Yeah i get heaps connected to characters in movies and shows, especially animals. I was reading recently that Dyspraxic people tend 2 be very caring, maybe this has something to do with caring so much about fictional characters. Also, i play cricket and he club season in Aussie just started 2day, i took my first catch (yay) but it was hit at me at a decent pace and i dropped it but managed 2 scoop it up agian before it hit the ground, i fumbled becuase i forgot 2 hold on to it one it got to me, yet catching is natural to the rest of my team. Is forgetting to hold on to the ball a dyspraxic thing. Uh... is that normal
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Re: Uh...Is this "normal"?

Postby JamesStanley » Sat Sep 18, 2010 10:01 am

Yeah im the same i watch alot of the tv series and get feeling for the characters for example when dr. weir was captured by the replicators in stargate atlantis and i thought she was dead it made me very sad. :(

Also welcome to the forum will-i-am-dyspraxic :D
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Re: Uh...Is this "normal"?

Postby missteacup » Mon Sep 20, 2010 1:16 pm

When my auntie died in November, I was terrified over my inability to encourage emotions. I'm not apathetic by any means, but I'm not empathetic much at all: I've found I only really feel something if it's happened to me, and I can actually relate to it. When my sister was involved in a motor bike accident and couldn't walk or play football, there were times I shrugged her problems off, because I didn't feel the pain they were causing her.

And yet, I've cried at books, been angry at characters in films, felt love between people in dramas. I've used this in a positive way, reminding myself how I felt for a character when a similar situation arises in real life.

I think this phenomenon must come from a couple of things: firstly, the fact that you are watching something that has been made for an audience; something that is focused on inspiring the viewer/reader/listener to feel a certain way. Secondly, it's sometimes much easier to see things from a distance than close up; from an emotional viewpoint, I'd say it was easiest to be at a distance than in the thick of it almost everytime - because the things that have happened to a person always seem to cause their future behaviours on television, for example, it's much more easy to understand a character 'in person' than an actual person we know. In the same way, we might feel we know a character better than a person.
Finally, but on a similar note, characters are introduced to us: depending on how they are written or acted we might feel a different way about a character than a person because at times, we might know as much about them as their best friend would - we see them as someone we know and love, and who's always open to us (the viewer) rather than someone who might be distant in more ways than one.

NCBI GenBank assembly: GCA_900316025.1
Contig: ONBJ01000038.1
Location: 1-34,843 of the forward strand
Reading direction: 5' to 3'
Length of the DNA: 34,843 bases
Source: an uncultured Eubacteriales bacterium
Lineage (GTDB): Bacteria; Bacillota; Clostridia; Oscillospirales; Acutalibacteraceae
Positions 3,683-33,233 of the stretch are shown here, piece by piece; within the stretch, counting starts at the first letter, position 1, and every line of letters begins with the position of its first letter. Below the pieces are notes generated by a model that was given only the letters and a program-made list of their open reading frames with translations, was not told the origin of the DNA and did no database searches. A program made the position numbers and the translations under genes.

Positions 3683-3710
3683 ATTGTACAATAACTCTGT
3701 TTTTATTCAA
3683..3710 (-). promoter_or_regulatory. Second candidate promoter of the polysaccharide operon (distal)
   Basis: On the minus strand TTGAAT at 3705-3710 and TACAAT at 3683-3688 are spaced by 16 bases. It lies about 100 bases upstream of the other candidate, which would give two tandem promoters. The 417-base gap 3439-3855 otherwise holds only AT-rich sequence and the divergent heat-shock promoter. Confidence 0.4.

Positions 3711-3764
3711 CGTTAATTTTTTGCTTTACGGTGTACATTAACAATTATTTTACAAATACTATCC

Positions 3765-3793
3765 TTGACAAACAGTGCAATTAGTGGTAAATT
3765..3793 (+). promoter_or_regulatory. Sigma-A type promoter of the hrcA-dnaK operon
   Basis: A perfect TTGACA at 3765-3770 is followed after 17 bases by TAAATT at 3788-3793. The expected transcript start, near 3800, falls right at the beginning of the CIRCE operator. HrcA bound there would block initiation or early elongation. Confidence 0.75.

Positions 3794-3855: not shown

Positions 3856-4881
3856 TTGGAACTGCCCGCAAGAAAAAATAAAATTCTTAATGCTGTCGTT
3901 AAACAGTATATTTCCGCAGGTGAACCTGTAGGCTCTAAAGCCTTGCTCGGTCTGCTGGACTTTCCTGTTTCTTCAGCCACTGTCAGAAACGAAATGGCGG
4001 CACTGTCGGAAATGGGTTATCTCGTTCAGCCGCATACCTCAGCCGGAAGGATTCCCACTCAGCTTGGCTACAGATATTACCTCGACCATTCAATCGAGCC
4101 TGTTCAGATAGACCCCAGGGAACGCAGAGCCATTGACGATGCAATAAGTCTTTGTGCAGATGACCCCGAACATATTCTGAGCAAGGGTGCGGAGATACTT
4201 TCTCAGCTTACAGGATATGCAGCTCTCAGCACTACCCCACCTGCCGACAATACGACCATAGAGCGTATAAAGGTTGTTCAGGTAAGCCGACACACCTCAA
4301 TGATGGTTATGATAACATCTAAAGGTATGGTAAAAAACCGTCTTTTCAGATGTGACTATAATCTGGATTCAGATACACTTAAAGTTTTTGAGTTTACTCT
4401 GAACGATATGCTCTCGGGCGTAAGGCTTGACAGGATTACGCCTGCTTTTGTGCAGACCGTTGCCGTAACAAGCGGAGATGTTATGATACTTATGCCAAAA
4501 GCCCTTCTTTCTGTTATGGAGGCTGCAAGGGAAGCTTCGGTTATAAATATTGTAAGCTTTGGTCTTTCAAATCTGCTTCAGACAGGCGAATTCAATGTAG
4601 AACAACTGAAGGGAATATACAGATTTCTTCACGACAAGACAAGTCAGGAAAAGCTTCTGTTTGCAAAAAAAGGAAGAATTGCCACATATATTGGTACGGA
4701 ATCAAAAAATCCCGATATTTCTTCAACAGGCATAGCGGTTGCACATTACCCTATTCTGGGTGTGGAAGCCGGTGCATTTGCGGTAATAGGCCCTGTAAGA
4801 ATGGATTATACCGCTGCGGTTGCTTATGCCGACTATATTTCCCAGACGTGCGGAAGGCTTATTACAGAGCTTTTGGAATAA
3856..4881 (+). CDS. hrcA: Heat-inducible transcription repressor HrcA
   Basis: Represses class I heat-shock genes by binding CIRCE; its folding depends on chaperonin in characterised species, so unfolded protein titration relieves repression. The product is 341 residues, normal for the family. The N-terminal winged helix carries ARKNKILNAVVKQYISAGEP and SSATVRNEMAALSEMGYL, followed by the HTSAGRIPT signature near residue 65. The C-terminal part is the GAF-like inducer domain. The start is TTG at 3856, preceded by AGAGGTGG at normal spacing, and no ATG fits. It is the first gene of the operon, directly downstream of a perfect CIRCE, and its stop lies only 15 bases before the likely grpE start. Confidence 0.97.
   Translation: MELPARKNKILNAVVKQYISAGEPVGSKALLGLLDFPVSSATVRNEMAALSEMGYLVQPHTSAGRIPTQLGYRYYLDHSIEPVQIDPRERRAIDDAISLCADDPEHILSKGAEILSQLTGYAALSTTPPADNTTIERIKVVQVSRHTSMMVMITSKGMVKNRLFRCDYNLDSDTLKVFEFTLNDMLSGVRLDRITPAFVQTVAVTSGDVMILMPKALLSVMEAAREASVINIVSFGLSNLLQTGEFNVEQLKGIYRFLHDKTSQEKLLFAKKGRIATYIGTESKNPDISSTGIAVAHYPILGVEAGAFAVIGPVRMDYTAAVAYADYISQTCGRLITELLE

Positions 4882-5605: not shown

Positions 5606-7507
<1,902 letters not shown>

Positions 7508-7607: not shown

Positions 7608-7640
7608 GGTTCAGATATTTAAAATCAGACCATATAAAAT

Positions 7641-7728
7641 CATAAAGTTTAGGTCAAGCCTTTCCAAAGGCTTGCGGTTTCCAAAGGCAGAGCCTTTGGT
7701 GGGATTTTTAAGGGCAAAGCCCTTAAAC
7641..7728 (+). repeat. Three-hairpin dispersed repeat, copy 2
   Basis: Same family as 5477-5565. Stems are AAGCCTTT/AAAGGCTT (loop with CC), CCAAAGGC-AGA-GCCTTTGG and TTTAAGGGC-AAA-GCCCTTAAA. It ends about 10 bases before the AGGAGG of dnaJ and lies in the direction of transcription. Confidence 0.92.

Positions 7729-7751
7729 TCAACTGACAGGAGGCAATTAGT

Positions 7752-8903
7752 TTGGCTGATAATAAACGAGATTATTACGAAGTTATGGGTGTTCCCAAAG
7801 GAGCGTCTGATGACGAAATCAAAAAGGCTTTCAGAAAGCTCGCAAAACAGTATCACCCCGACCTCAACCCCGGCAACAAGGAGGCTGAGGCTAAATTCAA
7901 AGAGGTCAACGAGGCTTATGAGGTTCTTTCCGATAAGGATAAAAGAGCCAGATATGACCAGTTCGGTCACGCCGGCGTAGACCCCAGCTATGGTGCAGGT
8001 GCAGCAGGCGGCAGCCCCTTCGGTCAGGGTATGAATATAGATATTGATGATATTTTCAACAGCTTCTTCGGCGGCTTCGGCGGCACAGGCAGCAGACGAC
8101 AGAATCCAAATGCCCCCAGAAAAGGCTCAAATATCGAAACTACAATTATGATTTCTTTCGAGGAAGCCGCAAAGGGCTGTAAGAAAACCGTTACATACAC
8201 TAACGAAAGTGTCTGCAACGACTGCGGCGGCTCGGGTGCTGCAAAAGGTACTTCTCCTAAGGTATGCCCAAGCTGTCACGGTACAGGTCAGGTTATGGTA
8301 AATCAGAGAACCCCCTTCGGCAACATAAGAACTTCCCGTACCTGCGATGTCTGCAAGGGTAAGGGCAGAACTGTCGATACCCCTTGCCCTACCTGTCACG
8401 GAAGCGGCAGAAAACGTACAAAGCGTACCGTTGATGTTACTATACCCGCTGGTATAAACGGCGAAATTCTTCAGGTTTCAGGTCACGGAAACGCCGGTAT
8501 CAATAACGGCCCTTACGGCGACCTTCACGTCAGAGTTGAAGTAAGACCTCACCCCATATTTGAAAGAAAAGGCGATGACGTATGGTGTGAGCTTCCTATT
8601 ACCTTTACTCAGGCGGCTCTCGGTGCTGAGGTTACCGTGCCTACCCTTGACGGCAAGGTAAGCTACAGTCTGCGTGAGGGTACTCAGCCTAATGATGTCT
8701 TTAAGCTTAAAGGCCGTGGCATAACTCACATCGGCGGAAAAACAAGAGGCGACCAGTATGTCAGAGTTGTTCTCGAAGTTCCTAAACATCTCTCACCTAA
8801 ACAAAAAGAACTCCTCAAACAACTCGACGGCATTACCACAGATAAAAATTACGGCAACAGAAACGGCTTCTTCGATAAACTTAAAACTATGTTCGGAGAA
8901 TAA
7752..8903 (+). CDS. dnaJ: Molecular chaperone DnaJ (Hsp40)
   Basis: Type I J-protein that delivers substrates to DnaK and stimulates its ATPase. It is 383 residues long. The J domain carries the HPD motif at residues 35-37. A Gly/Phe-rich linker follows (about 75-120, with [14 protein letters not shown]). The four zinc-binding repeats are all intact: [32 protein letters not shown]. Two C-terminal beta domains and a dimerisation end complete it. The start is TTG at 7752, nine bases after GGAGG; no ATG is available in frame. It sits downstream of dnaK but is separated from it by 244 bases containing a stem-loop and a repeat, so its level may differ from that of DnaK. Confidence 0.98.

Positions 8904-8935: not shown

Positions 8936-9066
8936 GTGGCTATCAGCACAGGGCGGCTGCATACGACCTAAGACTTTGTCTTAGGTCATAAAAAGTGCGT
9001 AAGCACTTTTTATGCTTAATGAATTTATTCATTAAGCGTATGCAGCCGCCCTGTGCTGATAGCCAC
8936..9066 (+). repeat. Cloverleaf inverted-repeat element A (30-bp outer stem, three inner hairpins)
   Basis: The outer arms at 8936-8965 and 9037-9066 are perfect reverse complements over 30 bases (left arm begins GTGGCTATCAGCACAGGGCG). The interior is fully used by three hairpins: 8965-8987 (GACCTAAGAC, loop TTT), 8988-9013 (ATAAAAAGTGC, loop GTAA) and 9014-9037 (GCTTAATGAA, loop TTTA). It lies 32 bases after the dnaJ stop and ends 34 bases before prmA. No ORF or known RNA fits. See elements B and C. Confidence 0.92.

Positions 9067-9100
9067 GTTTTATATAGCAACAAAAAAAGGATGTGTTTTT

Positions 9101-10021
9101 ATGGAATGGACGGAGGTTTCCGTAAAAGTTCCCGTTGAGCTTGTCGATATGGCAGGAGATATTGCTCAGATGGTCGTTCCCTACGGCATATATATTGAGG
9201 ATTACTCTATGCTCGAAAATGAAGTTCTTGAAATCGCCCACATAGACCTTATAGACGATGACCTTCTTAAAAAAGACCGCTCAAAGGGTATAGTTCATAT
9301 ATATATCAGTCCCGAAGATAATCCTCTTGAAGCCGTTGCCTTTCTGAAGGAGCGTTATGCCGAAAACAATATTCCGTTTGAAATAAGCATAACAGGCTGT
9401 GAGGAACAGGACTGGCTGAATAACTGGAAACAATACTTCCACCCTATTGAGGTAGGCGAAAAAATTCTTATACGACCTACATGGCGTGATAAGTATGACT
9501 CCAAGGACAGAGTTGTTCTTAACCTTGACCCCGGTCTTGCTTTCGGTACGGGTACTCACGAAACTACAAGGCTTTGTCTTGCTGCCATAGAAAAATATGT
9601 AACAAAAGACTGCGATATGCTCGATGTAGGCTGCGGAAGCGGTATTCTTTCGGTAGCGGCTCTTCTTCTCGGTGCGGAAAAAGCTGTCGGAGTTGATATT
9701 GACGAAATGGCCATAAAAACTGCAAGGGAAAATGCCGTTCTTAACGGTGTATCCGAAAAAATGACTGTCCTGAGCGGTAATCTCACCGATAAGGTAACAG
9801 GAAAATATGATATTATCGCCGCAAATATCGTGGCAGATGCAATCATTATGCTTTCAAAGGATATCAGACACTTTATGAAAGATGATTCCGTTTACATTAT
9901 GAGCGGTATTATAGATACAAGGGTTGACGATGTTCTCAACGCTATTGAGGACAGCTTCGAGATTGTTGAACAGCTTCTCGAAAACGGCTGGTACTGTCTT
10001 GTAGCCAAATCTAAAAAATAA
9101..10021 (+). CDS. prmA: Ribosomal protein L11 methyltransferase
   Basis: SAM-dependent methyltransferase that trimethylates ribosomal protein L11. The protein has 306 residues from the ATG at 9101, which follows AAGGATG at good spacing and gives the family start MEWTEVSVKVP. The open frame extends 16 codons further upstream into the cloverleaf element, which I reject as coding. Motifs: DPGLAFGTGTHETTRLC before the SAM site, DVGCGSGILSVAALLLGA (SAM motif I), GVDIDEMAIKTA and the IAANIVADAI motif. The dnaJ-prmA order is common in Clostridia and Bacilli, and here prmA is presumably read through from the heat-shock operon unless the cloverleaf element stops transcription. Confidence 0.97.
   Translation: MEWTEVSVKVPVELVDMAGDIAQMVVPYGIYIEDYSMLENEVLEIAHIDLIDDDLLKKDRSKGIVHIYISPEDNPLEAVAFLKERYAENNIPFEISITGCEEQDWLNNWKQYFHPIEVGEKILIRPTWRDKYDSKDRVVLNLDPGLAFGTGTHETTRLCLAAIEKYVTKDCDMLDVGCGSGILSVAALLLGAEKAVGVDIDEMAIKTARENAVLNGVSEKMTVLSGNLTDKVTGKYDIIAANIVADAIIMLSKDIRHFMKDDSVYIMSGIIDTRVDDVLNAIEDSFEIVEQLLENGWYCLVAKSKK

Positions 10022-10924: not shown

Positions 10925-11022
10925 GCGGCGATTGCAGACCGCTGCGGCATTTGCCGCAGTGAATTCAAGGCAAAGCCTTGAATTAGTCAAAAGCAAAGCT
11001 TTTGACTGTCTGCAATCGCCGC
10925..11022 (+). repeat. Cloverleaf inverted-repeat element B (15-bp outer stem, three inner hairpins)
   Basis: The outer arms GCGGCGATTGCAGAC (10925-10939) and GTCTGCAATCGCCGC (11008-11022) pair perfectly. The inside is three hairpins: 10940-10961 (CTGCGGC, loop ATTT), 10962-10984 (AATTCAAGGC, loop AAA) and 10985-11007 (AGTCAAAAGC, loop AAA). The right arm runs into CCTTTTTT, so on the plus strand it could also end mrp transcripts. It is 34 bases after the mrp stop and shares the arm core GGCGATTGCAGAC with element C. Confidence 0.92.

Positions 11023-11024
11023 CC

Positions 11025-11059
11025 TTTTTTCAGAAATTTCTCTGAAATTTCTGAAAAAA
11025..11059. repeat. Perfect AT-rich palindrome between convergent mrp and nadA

None of this applies to any real life relationships we might have, making them all the more difficult to develop and maintain. Does that make any sense?
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Re: Uh...Is this "normal"?

Postby PopOnImpact » Mon Sep 27, 2010 3:29 pm

I can relate entirely to you, One of my uncles killed himself the other day, now I'm not going to say we were particularly close but my parents were & I find myself not caring in the slightest, emotionally anyway. Logically yes I do care but that's a sorry substitute for compassion, but like you I find myself extremely receptive to media such as films and books, crying at the end of films such as Click but not be at all bothered by the thoughts of my own parents and my sisters sadness at losing a relative that is closer to them than to me but also at my own lack of response to a family member who I liked and get on with. So while I cannot explain the phenomena, I can relate and sometimes knowing you're not alone is enough.
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Re: Uh...Is this "normal"?

Postby wadey » Mon Sep 27, 2010 7:20 pm

I can relate to this; I get really upset if an animal of mine dies and will cry for hours and even thinking about them gets me upset.

but when my grandad on my mum side died, i was upset but only cried for about 2 mintues then felt fine, and when my grandad on my dad side died I didnt even feel upset, dont get me wrong I loved them to bits and wish i could talk to them still.
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Re: Uh...Is this "normal"?

Postby Thirteen-thirty-seven » Tue Sep 28, 2010 10:32 am

PopOnImpact - I'm extremely sorry to hear about your uncle. Sometimes when something that big happens, it's so big it doesn't "hit you" for a while.
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Re: Uh...Is this "normal"?

Postby DyspraxiaNoMore » Thu Sep 30, 2010 3:56 pm

Remus wrote:Remember, everyone deals with grief differently.


I think Remus summed it up best. While I can't say that I felt particularly close to a fictional character, I have had friends who actually HAVE. Some people don't connect with OTHER people and while others may think it's "odd", I personally don't. Everyone is different and sometimes certain emotions can't be helped. About 99% of the time, you can't FORCE an emotion, so I would just say go with it. It's more than obvious that you loved your granddad (why would you be wondering about the grief aspect otherwise?). Perhaps you appreciated what was...

This reminds me of a great Dr.Seuss quote. "Don't cry because it's over. Smile because it happened!"